Concerning Cooperatives

Thinking about how to make an economic system that is more humane, and less riven by class struggles, many thinkers have advocated for workers' cooperatives (the Distributists being one example). Cooperatives differ from the traditional capitalist firm in that workers share ownership and management of the company, as opposed to being salaried employees with no participation in the profits besides what management feels like giving them. They differ from a socialist commune in that there is still private property, and individuals can benefit directly from the success of the firm, which tends to mitigate the typical Socialist tendency of "They pretend to pay us, and we pretend to work" and lead to more creativity and enterprise.
With these advantages, why hasn't the cooperative become more popular in the United States? In part, because cooperatives come with some drawbacks. First, if workers share ownership in the company, what happens when you hire new people? Does that mean that you've just diluted the ownership of the existing employees? If so, then there will be a tendency of the owner-employees to delay hiring more people, even if it means sacrificing business opportunities. Or do different classes of employees have different shares of ownership? If so, then the cooperative differs from a typical capitalist firm only by degrees.
How much of the ownership of the firm accrues to the investors, as opposed to the employees? After all, without the initial investment, there would likely be no business in the first place. And asking employees themselves to buy in, as some cooperatives do, places a high bar in front of poor job-seekers.
Additionally, there will always be a place in a large-sized firm for experts of some kind, who will be paid more for their expertise. Should such experts, be they management or whoever, also get a disproportionate share of the company?
All of these questions have answers, and the answers will vary depending on the particular needs of each cooperative. But even if you could come up with an ideal structure for your own situation, it is far from clear that existing law could support the ownership structure you want. To my knowledge, in the United States the most common means for employee ownership of their company is the ESOP, or Employer Stock Option Plan, and these are typically structured so that employees have partial ownership without true control. While American law has well-understood prototypes for traditional capitalist firms, like the C-Corporation or the S-Corp, there are few prototypes for worker-owned cooperatives.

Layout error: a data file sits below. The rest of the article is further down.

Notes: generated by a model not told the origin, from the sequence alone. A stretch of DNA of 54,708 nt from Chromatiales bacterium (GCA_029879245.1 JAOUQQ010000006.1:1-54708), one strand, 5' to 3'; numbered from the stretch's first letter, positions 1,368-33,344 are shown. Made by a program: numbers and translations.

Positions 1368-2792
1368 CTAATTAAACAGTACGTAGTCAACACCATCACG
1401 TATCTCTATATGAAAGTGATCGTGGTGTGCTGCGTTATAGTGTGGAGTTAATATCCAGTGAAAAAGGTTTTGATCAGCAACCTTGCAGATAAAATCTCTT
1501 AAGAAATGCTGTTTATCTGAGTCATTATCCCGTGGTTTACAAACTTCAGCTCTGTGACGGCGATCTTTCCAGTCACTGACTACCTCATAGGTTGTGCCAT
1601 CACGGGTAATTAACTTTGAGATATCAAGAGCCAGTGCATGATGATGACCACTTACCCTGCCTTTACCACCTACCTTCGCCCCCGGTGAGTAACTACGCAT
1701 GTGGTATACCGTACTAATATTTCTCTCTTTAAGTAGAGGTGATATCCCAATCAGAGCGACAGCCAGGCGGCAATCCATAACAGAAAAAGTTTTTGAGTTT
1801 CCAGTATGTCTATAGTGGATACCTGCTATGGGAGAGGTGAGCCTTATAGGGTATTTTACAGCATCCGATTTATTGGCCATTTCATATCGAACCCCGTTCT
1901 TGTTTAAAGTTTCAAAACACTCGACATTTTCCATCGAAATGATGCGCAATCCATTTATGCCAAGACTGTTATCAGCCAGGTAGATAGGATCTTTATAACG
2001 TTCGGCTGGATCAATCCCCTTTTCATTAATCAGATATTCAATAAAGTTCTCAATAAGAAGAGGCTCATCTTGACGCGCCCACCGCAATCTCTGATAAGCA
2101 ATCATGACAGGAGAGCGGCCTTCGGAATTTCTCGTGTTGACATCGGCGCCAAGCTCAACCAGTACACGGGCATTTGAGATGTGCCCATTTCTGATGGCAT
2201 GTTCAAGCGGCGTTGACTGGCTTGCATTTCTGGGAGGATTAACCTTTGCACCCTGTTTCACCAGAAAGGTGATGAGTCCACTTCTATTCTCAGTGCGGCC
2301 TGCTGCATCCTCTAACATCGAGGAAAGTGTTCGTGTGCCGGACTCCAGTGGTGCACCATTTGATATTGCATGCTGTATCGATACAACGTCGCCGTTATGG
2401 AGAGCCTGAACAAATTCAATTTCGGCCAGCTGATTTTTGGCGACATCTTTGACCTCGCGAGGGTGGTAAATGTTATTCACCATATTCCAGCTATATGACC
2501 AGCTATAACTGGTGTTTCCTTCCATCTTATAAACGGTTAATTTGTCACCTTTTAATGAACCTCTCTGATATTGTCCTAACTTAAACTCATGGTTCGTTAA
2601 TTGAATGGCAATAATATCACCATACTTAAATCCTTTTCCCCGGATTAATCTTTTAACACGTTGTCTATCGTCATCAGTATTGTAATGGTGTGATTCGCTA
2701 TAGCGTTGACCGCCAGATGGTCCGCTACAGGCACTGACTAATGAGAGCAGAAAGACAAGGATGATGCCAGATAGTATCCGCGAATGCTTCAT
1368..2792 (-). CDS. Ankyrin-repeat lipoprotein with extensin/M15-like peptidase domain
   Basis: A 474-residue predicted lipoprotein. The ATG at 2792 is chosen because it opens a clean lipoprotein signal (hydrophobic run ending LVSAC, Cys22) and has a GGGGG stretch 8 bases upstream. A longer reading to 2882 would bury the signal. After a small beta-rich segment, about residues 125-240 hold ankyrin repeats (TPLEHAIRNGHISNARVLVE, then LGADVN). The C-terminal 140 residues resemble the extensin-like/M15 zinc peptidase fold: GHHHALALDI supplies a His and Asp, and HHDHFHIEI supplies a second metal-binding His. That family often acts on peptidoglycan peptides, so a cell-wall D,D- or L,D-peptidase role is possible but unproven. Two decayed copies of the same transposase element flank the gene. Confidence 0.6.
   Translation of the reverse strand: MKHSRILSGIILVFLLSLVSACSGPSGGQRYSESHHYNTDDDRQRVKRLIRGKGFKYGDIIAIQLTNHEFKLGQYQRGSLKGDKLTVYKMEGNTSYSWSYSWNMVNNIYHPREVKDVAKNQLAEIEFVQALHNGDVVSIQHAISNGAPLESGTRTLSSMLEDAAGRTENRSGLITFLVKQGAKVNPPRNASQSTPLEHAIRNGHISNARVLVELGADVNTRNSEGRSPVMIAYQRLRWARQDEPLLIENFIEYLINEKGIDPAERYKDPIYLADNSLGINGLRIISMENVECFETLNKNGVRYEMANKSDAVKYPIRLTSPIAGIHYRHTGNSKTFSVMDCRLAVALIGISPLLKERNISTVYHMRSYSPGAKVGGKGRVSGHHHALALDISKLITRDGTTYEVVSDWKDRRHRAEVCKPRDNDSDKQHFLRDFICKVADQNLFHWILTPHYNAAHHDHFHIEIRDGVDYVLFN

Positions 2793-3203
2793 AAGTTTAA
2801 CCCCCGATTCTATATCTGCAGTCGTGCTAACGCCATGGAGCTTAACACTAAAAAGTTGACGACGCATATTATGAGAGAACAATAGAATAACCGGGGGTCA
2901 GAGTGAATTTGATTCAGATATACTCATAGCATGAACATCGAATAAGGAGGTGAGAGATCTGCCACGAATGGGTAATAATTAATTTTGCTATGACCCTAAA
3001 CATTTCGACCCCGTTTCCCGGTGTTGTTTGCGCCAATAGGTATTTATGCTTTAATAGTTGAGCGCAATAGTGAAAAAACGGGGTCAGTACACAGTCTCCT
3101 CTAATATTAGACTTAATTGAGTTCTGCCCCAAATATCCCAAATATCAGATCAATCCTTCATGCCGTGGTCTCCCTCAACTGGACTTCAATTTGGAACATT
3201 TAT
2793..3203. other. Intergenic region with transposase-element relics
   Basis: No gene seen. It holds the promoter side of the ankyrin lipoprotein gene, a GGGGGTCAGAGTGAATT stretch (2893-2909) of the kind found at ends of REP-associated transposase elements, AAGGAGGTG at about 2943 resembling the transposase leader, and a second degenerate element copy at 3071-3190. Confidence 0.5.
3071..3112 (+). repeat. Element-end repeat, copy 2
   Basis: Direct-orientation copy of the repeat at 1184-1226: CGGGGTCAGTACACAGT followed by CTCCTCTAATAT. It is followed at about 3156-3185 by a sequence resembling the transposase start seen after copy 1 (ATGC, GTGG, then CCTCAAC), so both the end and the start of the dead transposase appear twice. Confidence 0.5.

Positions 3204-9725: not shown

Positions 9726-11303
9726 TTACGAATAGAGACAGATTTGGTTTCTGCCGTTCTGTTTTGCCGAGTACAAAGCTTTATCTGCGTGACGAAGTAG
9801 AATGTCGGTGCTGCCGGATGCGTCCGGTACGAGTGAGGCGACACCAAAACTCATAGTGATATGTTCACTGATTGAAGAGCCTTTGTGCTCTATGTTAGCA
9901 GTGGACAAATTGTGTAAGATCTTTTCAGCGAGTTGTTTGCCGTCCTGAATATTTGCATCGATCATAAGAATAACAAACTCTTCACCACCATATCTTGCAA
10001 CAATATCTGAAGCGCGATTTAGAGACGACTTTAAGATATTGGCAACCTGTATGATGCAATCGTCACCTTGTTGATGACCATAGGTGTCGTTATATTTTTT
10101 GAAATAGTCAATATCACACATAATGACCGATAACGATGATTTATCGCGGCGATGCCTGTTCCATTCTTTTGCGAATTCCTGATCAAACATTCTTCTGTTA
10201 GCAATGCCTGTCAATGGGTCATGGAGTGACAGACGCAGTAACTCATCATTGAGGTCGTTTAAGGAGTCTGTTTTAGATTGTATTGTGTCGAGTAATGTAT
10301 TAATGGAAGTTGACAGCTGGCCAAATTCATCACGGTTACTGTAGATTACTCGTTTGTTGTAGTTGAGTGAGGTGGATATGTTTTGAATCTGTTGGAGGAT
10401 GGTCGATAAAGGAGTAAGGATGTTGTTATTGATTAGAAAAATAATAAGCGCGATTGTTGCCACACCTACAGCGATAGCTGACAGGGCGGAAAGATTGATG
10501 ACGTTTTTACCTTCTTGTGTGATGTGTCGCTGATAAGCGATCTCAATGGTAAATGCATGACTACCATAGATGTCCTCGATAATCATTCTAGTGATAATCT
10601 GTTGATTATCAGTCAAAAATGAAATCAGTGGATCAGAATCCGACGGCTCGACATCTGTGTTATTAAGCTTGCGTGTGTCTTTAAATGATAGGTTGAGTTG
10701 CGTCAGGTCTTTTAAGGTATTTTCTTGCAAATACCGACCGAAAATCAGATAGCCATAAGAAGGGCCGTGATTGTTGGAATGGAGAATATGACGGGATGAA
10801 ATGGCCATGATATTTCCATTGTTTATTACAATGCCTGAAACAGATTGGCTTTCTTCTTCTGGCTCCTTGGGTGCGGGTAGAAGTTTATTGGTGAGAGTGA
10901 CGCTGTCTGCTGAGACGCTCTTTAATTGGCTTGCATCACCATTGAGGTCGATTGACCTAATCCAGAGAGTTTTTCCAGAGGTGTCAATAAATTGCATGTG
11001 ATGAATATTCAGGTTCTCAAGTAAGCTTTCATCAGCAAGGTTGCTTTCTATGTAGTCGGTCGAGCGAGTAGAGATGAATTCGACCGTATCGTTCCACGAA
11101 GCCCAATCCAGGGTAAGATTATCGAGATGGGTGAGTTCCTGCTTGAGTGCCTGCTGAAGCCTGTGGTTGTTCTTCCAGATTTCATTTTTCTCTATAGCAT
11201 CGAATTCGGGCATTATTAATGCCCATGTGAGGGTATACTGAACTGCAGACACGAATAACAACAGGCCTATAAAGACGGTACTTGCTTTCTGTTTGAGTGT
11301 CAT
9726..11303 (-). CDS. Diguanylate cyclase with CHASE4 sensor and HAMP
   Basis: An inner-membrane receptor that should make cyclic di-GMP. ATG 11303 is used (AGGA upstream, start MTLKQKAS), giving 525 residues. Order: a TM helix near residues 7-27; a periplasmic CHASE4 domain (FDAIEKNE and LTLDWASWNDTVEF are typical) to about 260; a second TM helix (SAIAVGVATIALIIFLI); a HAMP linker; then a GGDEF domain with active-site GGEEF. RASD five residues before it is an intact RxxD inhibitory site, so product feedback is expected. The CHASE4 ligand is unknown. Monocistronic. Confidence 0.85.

If such prototypes existed, then new insights could be gained as people experimented with them and figured out what works and what does not in different contexts. And cooperatives could become more accepted in modern industrial economies—which is not to say that they would displace the typical capitalist firm entirely, or even mostly. Each firm structure solves different problems. The best structure depends on your own situation, and the imperatives of your industry. Still, more options are good.
One handicap of your typical utopian social reformers is that they tend to focus on parapolitics, action outside the system, rather than trying to work within the system. True, such parapolitics often has an effect, but you only get mass adoption of your ideas in the face of total collapse of the system you are opposing. In this case, those who seek to have the cooperative form catch on in society ought to be lobbying for its inclusion in the tax code, the same way that a C-Corp or S-Corp is. With an off-the-shelf model to work with, with well-understood procedures for sharing ownership and profits, more entrepreneurs may elect the cooperative model without any political or social goal at all—which is how you win.
Those who have read my previous pieces, advocating for a populist politics based on left-anarchism (to which I am presently giving the working title of "Arcadianism"), will not be surprised to read that such reforms of the tax code ought to be a major part of such a movement's platform. Cooperatives match very well with the social mindset of the Left, and they also cut directly against the Progressive agenda of corporate titans serving as intermediaries of the state, dictating terms to their subservient workers on behalf of grand social policies. Aside from which, cooperatives or other forms of alternative organization such as sociocracy address the problem where capitalist firms become "indigestible lumps of socialism" (a quote variously attributed to David Friedman or Kevin Carson), because of internal power hierarchies that mitigate the advantages of free trade.
Those on the libertarian right ought to be pushing for such reforms as well—but I doubt they will, which is why we need Arcadianism or something like it to play the same role in the Democratic Party that the Tea Party groups have done in the Republican Party.


The Politics of Crowds

If the characteristic method of collective action for Libertarians is the free market, then I submit that the characteristic method of collective action for left-anarchists is the crowd.